Senate to Vote This Week on Debt Limit Increase
Senate Majority Leader Harry Reid (D-Nev.) announced Tuesday that the Senate would cast a final vote on an increase in the debt limit by the end of the week, even as a handful of Democrats remained uncommitted on the controversial $1.9 trillion measure.
“I’m still hopeful we can get an agreement on a package,— Budget Chairman Kent Conrad (D-N.D.) said Tuesday night.
Conrad reiterated that he would “not vote for any long-term extension of the debt absent a credible commission being put in place.—
Earlier Tuesday, the Senate defeated an amendment by Conrad and ranking member Judd Gregg (R-N.H.) that would create a Congressionally appointed deficit commission, and Conrad continues to negotiate with the White House on an alternative approach that could serve as a carrot for moderates to vote in favor of the debt limit increase.
Reid will likely have to court a handful of Republicans to vote in favor of the debt limit increase, which would allow the government to spend beyond its current statutory ceiling. Gregg has not indicated how he will vote on the legislation, which would boost the limit to $14.294 trillion, and other targeted Republicans such as Sen. George Voinovich (Ohio) have also stayed mum.
Reid dodged a procedural bullet Tuesday on the debt limit bill, after Democrats, for the second time in as many months, blocked Sen. Tom Coburn (R-Okla.) from using procedural maneuvers to stall debate, thanks to controversial rulings by the chamber’s Parliamentarian, Alan Frumin.
Frumin, appointed by both parties to his post in 2001, ruled Tuesday that Coburn could not use an obscure procedural tactic known as the “clay pigeon— to divide his pending amendment to the debt limit increase into 17 separate parts — a move that would have essentially turned over control of the debate to Coburn for days.
Frumin argued that his decision was based on precedent that bars lawmakers from using the maneuver on amendments that are part of a unanimous consent agreement limiting the overall number of amendments to a bill. Frumin told Coburn that he had informed both sides of the aisle of that precedent several years ago.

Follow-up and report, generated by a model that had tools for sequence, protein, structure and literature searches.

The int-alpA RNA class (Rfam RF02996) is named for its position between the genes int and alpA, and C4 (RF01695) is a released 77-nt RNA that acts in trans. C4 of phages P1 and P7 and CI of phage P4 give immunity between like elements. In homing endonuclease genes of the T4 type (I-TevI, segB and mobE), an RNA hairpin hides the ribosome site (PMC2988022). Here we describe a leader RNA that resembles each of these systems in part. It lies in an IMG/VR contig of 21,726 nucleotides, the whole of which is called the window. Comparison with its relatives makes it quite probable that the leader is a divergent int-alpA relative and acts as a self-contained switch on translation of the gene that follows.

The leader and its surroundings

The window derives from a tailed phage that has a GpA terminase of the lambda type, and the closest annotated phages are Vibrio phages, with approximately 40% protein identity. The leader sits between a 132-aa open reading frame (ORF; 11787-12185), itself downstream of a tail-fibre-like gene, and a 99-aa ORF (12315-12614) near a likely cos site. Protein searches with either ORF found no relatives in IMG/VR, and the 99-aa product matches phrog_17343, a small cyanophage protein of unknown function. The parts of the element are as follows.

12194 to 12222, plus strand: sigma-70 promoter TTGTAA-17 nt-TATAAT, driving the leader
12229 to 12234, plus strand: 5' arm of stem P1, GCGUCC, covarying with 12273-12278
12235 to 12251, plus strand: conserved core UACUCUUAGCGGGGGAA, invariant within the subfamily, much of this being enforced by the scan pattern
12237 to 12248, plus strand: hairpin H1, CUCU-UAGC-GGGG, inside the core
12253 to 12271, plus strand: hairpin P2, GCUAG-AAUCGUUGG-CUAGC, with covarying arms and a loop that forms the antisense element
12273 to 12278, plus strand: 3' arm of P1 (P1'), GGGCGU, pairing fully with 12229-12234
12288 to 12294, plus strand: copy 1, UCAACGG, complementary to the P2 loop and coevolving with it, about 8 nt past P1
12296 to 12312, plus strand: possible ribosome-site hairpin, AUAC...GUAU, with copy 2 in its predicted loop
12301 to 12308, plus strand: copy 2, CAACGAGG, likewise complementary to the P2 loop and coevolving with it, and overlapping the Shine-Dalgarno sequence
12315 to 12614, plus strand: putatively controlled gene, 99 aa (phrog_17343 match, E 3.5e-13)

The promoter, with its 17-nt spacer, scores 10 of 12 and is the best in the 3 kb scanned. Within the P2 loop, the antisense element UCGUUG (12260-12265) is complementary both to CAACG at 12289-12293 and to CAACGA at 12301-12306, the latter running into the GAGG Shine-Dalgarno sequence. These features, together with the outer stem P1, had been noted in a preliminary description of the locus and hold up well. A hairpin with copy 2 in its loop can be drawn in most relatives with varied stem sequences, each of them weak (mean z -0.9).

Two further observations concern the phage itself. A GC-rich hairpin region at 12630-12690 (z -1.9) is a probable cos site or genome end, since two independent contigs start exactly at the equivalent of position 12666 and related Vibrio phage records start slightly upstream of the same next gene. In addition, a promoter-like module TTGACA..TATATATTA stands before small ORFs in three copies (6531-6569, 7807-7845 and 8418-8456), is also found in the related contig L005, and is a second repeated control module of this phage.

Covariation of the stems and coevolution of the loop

But according to GOP staff, that precedent does not appear to exist in writing, and during a conversation on the floor, Coburn repeatedly pressed the Parliamentarian to provide the basis for his ruling.
“You can’t do that. You can’t do that! Two times in a row you’ve set precedent,— a clearly angry Coburn said.
In December, Frumin came under criticism from Senate Republicans for a ruling that blocked the GOP from forcing the reading of a 767-page amendment to the health care reform bill. That amendment was authored by Sen. Bernie Sanders (I-Vt.).
After Tuesday’s ruling, Coburn, Reid and Frumin entered into talks, and Reid ultimately agreed to split the bulk of Coburn’s amendment into four separate parts calling for a variety of budget cuts. The Senate defeated three of the four divisions by wide margins, but it did agree to one provision that would require the Government Accountability Office to annually identify redundant federal programs and agencies and provide Congress with recommendations for consolidating or eliminating them.
John Hart, Coburn’s spokesman, quipped that the agreement demonstrated a “willingness— on the part of Reid to reverse Frumin’s ruling.
“Dr. Coburn appreciated the Majority Leader’s willingness to reverse the Parliamentarian’s inappropriate ruling and allow a division of amendments. Instead of raising the debt limit, Congress can make a simple choice: Spend less money. If Congress can’t make hard budget choices, we don’t need a new commission, we need a new Congress,— Hart said.
Reid spokesman Jim Manley, however, rejected any notion — serious or otherwise — that the agreement represented a reversal. “We got an agreement — he didn’t do this unilaterally,— Manley said.